Swire Properties announced its fifth partnership w

first_imgSwire Properties announced its fifth partnership with Art Basel in Hong Kong, which will see the company host a specially designed lounge by acclaimed architect Hugh Dutton, as well as a curated programme of high profile talks at the show.Supporting Art Basel in Hong Kong since its 2013 inaugural edition, Swire Properties and has a track record of creating and transforming places into vibrant sustainable communities, through a process that integrates arts and culture throughout. Building on a history of creating and hosting an array of arts and cultural events in its portfolios, Swire Properties will be bringing art to the public in Hong Kong with its programme this March.Guy Bradley, Chief Executive of Swire Properties, said: “Swire Properties believes that art plays a key role in enriching lives and creating sustainable communities. We are delighted to once again partner with Art Basel in Hong Kong, and are thrilled to be bringing high-calibre programmes of international standing to Taikoo Place and Pacific Place at the same time.  In particular, our event space ArtisTree at Taikoo Place has over the years emerged as a serious venue for the arts, and we hope that the exhibition of the late architect Zaha Hadid’s work will inspire and engage art lovers during this exciting month of culture and creativity in Hong Kong.”last_img read more

Economists offer new arguments for US research tax break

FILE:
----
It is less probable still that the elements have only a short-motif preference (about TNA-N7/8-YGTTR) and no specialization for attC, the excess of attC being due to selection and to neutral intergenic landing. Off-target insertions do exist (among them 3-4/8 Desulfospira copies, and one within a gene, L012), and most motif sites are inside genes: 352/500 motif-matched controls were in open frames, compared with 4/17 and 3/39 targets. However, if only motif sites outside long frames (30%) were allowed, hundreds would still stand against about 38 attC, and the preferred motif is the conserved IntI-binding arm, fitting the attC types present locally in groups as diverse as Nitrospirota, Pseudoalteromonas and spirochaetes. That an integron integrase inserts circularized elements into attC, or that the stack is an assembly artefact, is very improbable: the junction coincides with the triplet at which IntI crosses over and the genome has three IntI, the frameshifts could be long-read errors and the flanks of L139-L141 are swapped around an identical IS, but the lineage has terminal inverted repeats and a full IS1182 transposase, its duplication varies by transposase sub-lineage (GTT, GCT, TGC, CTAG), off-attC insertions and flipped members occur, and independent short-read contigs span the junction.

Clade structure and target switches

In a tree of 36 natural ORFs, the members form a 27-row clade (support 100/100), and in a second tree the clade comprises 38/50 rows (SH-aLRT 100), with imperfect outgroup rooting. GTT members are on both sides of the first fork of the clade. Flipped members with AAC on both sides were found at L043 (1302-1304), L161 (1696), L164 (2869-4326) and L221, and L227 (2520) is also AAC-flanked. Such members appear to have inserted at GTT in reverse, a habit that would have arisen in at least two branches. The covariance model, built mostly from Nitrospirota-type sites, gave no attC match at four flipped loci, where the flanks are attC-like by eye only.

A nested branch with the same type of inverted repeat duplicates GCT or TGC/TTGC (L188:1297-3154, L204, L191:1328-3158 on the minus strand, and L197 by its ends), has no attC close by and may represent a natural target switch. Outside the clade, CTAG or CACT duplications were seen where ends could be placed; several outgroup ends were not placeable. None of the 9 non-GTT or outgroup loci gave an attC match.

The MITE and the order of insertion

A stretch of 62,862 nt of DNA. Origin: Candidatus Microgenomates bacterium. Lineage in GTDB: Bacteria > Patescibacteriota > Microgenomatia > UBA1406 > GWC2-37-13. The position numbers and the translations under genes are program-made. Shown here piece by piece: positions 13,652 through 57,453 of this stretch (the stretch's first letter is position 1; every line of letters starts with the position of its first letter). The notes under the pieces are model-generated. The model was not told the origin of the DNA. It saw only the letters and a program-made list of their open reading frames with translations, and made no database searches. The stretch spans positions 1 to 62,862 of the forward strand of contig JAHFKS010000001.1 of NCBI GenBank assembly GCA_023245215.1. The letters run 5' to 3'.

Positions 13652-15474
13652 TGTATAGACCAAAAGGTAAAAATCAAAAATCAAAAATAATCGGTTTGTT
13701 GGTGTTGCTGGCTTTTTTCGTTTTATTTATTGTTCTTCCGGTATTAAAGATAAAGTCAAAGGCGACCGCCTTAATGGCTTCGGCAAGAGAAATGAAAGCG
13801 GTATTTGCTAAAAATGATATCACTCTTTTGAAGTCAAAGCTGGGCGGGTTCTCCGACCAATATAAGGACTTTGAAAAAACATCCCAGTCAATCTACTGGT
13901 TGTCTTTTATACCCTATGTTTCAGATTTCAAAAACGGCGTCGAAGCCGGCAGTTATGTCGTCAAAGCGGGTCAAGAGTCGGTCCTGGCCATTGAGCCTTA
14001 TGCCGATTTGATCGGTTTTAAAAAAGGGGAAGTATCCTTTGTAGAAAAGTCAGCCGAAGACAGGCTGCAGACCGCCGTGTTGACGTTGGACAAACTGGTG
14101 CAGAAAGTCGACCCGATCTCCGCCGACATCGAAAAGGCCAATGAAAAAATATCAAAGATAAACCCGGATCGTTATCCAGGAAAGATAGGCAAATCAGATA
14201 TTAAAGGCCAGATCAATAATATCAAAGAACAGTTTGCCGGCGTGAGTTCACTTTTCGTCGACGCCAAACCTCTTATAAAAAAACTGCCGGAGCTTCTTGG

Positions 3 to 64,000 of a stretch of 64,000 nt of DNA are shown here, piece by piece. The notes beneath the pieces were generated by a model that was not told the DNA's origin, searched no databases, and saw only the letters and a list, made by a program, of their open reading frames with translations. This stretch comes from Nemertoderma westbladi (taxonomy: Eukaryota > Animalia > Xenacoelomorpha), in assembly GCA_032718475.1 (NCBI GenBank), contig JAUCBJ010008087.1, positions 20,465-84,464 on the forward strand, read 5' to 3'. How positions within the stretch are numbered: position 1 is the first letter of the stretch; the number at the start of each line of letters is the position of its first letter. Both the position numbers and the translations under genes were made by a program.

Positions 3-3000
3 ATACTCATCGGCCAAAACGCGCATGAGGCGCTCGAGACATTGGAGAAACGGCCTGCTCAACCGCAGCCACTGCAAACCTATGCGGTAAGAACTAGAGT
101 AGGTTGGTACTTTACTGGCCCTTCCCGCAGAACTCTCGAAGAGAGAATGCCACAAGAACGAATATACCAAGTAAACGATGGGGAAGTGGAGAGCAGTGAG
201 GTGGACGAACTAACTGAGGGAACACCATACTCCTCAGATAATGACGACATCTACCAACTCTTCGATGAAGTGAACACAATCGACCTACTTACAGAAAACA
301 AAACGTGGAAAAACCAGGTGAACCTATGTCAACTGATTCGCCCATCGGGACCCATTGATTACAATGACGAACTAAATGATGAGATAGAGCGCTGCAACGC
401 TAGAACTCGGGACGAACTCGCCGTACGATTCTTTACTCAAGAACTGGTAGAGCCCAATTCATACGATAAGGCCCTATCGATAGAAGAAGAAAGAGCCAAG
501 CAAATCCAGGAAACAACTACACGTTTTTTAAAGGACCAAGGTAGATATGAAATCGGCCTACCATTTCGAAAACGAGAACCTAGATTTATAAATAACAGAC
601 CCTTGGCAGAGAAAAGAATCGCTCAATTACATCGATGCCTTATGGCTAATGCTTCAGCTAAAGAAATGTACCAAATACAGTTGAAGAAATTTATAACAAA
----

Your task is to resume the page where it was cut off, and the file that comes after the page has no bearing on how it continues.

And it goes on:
first_img Email Sign up for our daily newsletter Get more great content like this delivered right to you! Country The credit’s long-term cost is one big reason lawmakers have been so cautious. Analysts estimate making the break permanent would reduce tax revenues by some $100 billion to $150 billion over the next decade, and lawmakers have so far been unable to agree on ways to offset that loss of revenue.It’s almost certain lawmakers will ultimately reinstate the credit for 2015. But NAM and other groups hope Congress will finally agree to make it permanent, perhaps as part of a larger overhaul of the U.S. tax code.Today’s report, titled A Missed Opportunity: The Economic Cost of Delaying Pro-Growth Tax Reform, tries to strengthen the case for taking the plunge. It reviews scholarly studies of the R&D credit and four other business-related elements of tax policy and concludes that proposed reforms could, together, boost annual GDP by 1% and create 500,000 jobs per year. “These estimated impacts are significant and worthy of consideration in the ongoing discussion about the future of pro-growth tax reform,” write the authors, economists Donald Bruce and Matthew Murray of the University of Tennessee, Knoxville, and Tami Gurley-Calvez of the University of Kansas Medical Center in Kansas City. “Additionally, we do not believe they are out of line with the prior literature.”Whether the new numbers will help change the political calculus in Congress, however, won’t be known until lawmakers begin discussing tax policy in earnest, sometime later this year. Click to view the privacy policy. Required fields are indicated by an asterisk (*)center_img Add another study to the sagging bookshelf of reports suggesting that the United States would benefit from permanently allowing companies to get a tax break for investing in research and development.The National Association of Manufacturers (NAM), one of the nation’s largest industrial trade groups, today released a report from three academic economists that reviews the scholarly literature on the economic impact of the so-called R&D tax credit, worth some $7 billion annually in recent years. It concludes that making the credit permanent—a long-sought goal of industry and science groups—could boost the U.S. gross domestic product (GDP) by 0.16% annually and add between 36,000 and 38,300 jobs each year.The report marks the renewal of what has become a perennial lobbying campaign in Washington, D.C. For years, many economists and a large bipartisan group of lawmakers in Congress have advocated making the credit more generous and permanent, arguing it is an efficient way of promoting investment in scientific advances. Since the credit was created in 1981, however, Congress has allowed it to lapse six times—most recently in January 2014—and temporarily extended it 16 times. Last month, for example, Congress retroactively extended the credit for 2014. Country * Afghanistan Aland Islands Albania Algeria Andorra Angola Anguilla Antarctica Antigua and Barbuda Argentina Armenia Aruba Australia Austria Azerbaijan Bahamas Bahrain Bangladesh Barbados Belarus Belgium Belize Benin Bermuda Bhutan Bolivia, Plurinational State of Bonaire, Sint Eustatius and Saba Bosnia and Herzegovina Botswana Bouvet Island Brazil British Indian Ocean Territory Brunei Darussalam Bulgaria Burkina Faso Burundi Cambodia Cameroon Canada Cape Verde Cayman Islands Central African Republic Chad Chile China Christmas Island Cocos (Keeling) Islands Colombia Comoros Congo Congo, the Democratic Republic of the Cook Islands Costa Rica Cote d’Ivoire Croatia Cuba Curaçao Cyprus Czech Republic Denmark Djibouti Dominica Dominican Republic Ecuador Egypt El Salvador Equatorial Guinea Eritrea Estonia Ethiopia Falkland Islands (Malvinas) Faroe Islands Fiji Finland France French Guiana French Polynesia French Southern Territories Gabon Gambia Georgia Germany Ghana Gibraltar Greece Greenland Grenada Guadeloupe Guatemala Guernsey Guinea Guinea-Bissau Guyana Haiti Heard Island and McDonald Islands Holy See (Vatican City State) Honduras Hungary Iceland India Indonesia Iran, Islamic Republic of Iraq Ireland Isle of Man Israel Italy Jamaica Japan Jersey Jordan Kazakhstan Kenya Kiribati Korea, Democratic People’s Republic of Korea, Republic of Kuwait Kyrgyzstan Lao People’s Democratic Republic Latvia Lebanon Lesotho Liberia Libyan Arab Jamahiriya Liechtenstein Lithuania Luxembourg Macao Macedonia, the former Yugoslav Republic of Madagascar Malawi Malaysia Maldives Mali Malta Martinique Mauritania Mauritius Mayotte Mexico Moldova, Republic of Monaco Mongolia Montenegro Montserrat Morocco Mozambique Myanmar Namibia Nauru Nepal Netherlands New Caledonia New Zealand Nicaragua Niger Nigeria Niue Norfolk Island Norway Oman Pakistan Palestine Panama Papua New Guinea Paraguay Peru Philippines Pitcairn Poland Portugal Qatar Reunion Romania Russian Federation Rwanda Saint Barthélemy Saint Helena, Ascension and Tristan da Cunha Saint Kitts and Nevis Saint Lucia Saint Martin (French part) Saint Pierre and Miquelon Saint Vincent and the Grenadines Samoa San Marino Sao Tome and Principe Saudi Arabia Senegal Serbia Seychelles Sierra Leone Singapore Sint Maarten (Dutch part) Slovakia Slovenia Solomon Islands Somalia South Africa South Georgia and the South Sandwich Islands South Sudan Spain Sri Lanka Sudan Suriname Svalbard and Jan Mayen Swaziland Sweden Switzerland Syrian Arab Republic Taiwan Tajikistan Tanzania, United Republic of Thailand Timor-Leste Togo Tokelau Tonga Trinidad and Tobago Tunisia Turkey Turkmenistan Turks and Caicos Islands Tuvalu Uganda Ukraine United Arab Emirates United Kingdom United States Uruguay Uzbekistan Vanuatu Venezuela, Bolivarian Republic of Vietnam Virgin Islands, British Wallis and Futuna Western Sahara Yemen Zambia Zimbabwelast_img read more